‘Not every question is a good question’

AP: So whatever the invisible, or the mystery, is — call it God or not — is that force watching us, maybe disappointed in us? God was disappointed when we built the Golden Calf or when we had the temerity to kvetch in the desert after being brought out of Egypt.

KK: I don’t believe in that kind of God. I think those stories are metaphors, which are big, beautiful, powerful teachings. But I think asking if God is disappointed or angry at us is the wrong question. And by the way, there are good questions and there are better questions. Not every question is a good question.

AP: Usually teachers say, “all questions are good questions.”

KK: That’s actually not true. In the spiritual or religious world, the quality of your questions will correlate to the quality of the answer. So if you ask, Why did that mother with Covid die alone? Why did you do this to her, God? That’s not a good question. Because the answer will not lead you to any moment of peace. That’s not living on the seam.

The High Holidays are upon us — and for many, that comes with meaty theological questions. Join us to talk to leading Jewish thinkers about their views on God as part of our Still Small Voice series. Register for the October 1 talk here.

AP: What’s the better question?

KK: Now that I have learned the power of suffering, how do I become more compassionate as a human being? That’s a better question. Or: What was that mother’s life? Even in her death, what was she teaching me? What’s the great lesson of her life?

There have been so many times when I bury a person and they continue to be a powerful teacher to the people they leave behind.

What am I supposed to learn from this tragedy? How do I walk through the world now? What do I do with my life now? How can I be of service? How do I gain my equilibrium? These are good questions. But: Why did God do this to me? Not such a good question.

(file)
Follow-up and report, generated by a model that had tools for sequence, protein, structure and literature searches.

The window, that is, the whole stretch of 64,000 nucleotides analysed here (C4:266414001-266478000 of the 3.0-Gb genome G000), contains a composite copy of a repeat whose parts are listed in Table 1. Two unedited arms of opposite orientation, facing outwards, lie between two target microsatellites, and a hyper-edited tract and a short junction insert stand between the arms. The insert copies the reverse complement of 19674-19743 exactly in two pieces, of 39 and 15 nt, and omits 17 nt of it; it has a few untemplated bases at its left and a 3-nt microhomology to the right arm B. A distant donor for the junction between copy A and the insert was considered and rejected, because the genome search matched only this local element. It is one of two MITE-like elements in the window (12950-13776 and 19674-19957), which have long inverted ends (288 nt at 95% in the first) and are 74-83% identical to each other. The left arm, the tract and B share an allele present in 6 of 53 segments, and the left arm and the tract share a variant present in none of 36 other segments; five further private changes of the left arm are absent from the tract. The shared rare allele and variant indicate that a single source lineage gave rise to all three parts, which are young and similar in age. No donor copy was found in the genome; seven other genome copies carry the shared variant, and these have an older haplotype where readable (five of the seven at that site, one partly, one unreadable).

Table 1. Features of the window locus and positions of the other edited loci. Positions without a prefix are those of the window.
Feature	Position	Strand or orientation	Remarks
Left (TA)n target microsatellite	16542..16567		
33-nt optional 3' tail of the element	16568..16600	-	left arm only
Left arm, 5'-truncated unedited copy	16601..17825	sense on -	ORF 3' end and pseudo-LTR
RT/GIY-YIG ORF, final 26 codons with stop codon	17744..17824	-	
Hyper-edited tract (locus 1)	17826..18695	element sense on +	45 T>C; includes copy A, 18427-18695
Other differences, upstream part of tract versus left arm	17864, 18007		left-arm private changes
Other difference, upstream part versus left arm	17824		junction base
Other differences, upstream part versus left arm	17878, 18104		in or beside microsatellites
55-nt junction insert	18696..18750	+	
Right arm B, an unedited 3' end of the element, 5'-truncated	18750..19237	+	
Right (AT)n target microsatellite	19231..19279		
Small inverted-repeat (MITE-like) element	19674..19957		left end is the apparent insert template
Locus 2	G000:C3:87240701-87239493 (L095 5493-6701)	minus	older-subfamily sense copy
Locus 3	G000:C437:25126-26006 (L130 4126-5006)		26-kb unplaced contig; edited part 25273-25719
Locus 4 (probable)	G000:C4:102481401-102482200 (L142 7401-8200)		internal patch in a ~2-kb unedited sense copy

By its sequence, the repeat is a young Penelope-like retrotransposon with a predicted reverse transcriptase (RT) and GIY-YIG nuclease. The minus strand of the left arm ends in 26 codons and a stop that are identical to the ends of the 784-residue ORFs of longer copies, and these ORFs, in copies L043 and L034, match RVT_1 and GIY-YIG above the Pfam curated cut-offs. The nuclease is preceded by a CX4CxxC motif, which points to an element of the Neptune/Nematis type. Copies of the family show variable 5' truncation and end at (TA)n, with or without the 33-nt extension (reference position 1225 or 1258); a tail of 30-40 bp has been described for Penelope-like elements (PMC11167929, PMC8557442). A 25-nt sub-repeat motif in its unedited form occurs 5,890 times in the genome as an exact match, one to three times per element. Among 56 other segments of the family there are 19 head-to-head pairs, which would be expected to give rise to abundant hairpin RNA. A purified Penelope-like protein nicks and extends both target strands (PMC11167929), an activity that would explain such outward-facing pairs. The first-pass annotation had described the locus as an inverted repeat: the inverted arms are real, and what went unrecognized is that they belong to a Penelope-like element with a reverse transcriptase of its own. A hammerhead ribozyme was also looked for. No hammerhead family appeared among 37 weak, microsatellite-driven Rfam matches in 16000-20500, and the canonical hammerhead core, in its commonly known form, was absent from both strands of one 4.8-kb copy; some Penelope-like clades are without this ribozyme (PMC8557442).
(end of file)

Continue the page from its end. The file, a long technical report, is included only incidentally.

I don’t know why God does. And if anyone says they know, walk the other way. Because remember it’s opaque velvet. They can’t know.

‘We’ve lost the vocabulary of faith’

AP: Why do you think so many people — I’ll include myself — keep asking those wrong questions?

KK: I think it’s because we’ve lost the vocabulary of faith. Since the 19th or 20th century, we were more interested in the rational mind than the spiritual heart. So we developed all kinds of vocabulary and tests for the rational mind: did she get an A, did she go to Harvard, or what do we glean from all the books on psychology — ego and guilt?

We’ve developed a specific vocabulary for the rational mind. But in the religious world, we kind of became arrested. We didn’t develop vocabulary. We don’t know how to say, “Dear Transcendent Power of the universe, cast goodness upon me.” We weren’t taught that language.

Instead we repeated the language of an older century: “God, hear my prayer.” It reinforced a certain image and metaphor of God that, as 21st century Jews, is a language that isn’t particularly helpful. That’s why I rarely use the word “God.” I say, “The Transcendent Good, the Power or Ruling Principle of the Universe.”

AP: So finally, when someone asks you, “I see where I am the picture of my 1,001 choices, but while I’m sewing my story, what does God do?” Or is that the wrong question, too?

KK: Well, is that question helpful to you? I mean, I don’t know what God is doing. But I do know, as a Jew and a person of faith, that I have a choice.

If you’re going to make up your reality, why don’t you make it up to your advantage rather than your disadvantage? I can make up a reality that says there’s an angry, vengeful God. I could make that up. What do I know? Or I could make up that there is a loving force that demands of me a kind, compassionate, moral life. I think I’ll make up that one.

Abigail Pogrebin, author of My Jewish Year; 18 Holidays, One Wondering Jew, is a Forward contributing writer. Follow her on Twitter. @apogrebin. Rabbi Karyn D. Kedar is senior rabbi at B’nai Jehoshua Beth Elohim in Deerfield, IL and on Twitter @kkedar.

Mosaic of rabbis

Image by Angelie Zaslavsky

Still Small Voice: 18 Questions About God is a special project for the month of Elul, a traditional period of reflection and accountability. Click here to read the next interview in the series, and here to browse the collection.